Not to be confused with the Emmy Award-winning 1966 TV movie starring Robert Goulet and Peter Falk, Vincente Minnelli's Brigadoon (1954) was the first adaptation of Lerner and Loewe's popular Broadway musical. Neither version strays too far from the age-old legend of a "mysterious hidden city"; in this case, it's a remote Scottish village that appears for a single day once every 100 years. As luck would have it, American game hunters Tommy Albright (Gene Kelly) and Jeff Douglas (Van Johnson) happen upon Brigadoon by accident. It's nowhere to be found on their map of the Highlands, but they're hungry and tired enough to walk right in.
It's a particularly big day in Brigadoon: Charlie Dalrymple (Jimmy Thompson) is set to marry Jean Campbell (Virginia Bosler), and food is on the house. Ever the gracious host, Charlie invites our hunters to the party as well...but Tommy seems more interested in Jean's older sister Fiona Campbell (Cyd Charisse). He's head over heads for the young Scottish lass almost instantly---much to the dismay of the more level-headed and sardonic Jeff---but it's not long before they learn the truth about the town's unusual history. Once that exposition is out of the way, Brigadoon lurches forward to the home stretch: the town's in danger after a citizen threatens to leave (which would break the spell, apparently), a terrible tragedy occurs, and Tommy seems reluctant to abandon his life in America. He just so happens to have a fiancée there, which makes his whirlwind romance with Fiona seem just a little more ill-timed.
Budget and weather concerns prevented Brigadoon from being filmed in the Scottish Highlands, so the film was shot on MGM sets. This can't help but give Brigadoon a flat and somewhat lifeless quality, disguised occasionally by excellent background paintings, impressive set design, and colorful costumes. But Brigadoon's low-rent atmosphere---considering its more ambitious competition, at least---gnaws at the viewer every step of the way, regardless of Gene Kelly's infectious enthusiasm and formidable dance moves. Shot in the relatively new CinemaScope format and using the much cheaper single-strip Metrocolor process (as opposed to three-strip Technicolor), Brigadoon promises magic, mystery, and wonder...but feels more like the rehearsal for a movie that never starts.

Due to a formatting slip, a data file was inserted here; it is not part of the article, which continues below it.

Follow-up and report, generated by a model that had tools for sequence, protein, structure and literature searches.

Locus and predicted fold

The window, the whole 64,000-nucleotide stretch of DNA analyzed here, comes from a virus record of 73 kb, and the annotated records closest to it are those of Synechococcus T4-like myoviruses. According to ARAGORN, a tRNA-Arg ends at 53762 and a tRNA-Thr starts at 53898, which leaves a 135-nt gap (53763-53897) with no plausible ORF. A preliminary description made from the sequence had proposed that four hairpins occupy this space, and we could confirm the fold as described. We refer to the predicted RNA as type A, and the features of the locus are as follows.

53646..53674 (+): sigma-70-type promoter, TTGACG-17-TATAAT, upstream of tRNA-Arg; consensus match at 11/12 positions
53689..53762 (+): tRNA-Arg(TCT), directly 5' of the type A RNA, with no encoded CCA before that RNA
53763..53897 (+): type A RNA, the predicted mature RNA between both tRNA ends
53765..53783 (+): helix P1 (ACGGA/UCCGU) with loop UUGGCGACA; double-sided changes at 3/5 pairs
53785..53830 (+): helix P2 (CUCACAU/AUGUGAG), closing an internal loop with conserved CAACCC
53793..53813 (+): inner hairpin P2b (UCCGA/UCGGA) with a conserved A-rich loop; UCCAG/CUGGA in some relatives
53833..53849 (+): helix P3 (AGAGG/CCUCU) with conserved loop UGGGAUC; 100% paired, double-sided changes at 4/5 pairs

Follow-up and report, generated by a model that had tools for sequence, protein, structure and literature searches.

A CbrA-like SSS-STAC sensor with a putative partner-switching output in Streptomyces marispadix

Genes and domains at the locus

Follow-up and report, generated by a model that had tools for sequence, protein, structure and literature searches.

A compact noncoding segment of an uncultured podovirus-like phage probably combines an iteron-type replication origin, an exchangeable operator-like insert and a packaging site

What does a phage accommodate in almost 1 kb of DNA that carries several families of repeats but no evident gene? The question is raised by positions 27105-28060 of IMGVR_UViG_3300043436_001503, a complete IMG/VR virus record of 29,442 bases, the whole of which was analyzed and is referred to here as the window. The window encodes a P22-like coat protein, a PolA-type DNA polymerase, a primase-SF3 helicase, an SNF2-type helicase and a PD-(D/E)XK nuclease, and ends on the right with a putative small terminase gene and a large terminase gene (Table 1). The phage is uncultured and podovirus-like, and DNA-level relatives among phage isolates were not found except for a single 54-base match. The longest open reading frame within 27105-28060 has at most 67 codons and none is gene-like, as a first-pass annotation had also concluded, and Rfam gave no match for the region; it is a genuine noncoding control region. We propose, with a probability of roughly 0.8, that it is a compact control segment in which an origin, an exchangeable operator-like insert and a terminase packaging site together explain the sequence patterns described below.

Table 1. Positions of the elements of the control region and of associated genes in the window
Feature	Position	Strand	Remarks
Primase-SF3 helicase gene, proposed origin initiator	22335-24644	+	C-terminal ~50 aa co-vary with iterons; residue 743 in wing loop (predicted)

Brigadoon certainly has its moments: the first half is paced very well, Kelly and most of the supporting players do just fine in their roles, and the soundtrack is obviously home to a handful of memorable Lerner and Loewe tunes. Yet much of the film never quite escapes "average" territory in almost every other department, which makes it decent enough the first time through but low on replay value. Established fans, on the other hand, will probably be thrilled with Warner Archives' new Blu-ray edition: it offers an excellent A/V presentation and a few familiar DVD-era bonus features, although the lack of new material is disappointing.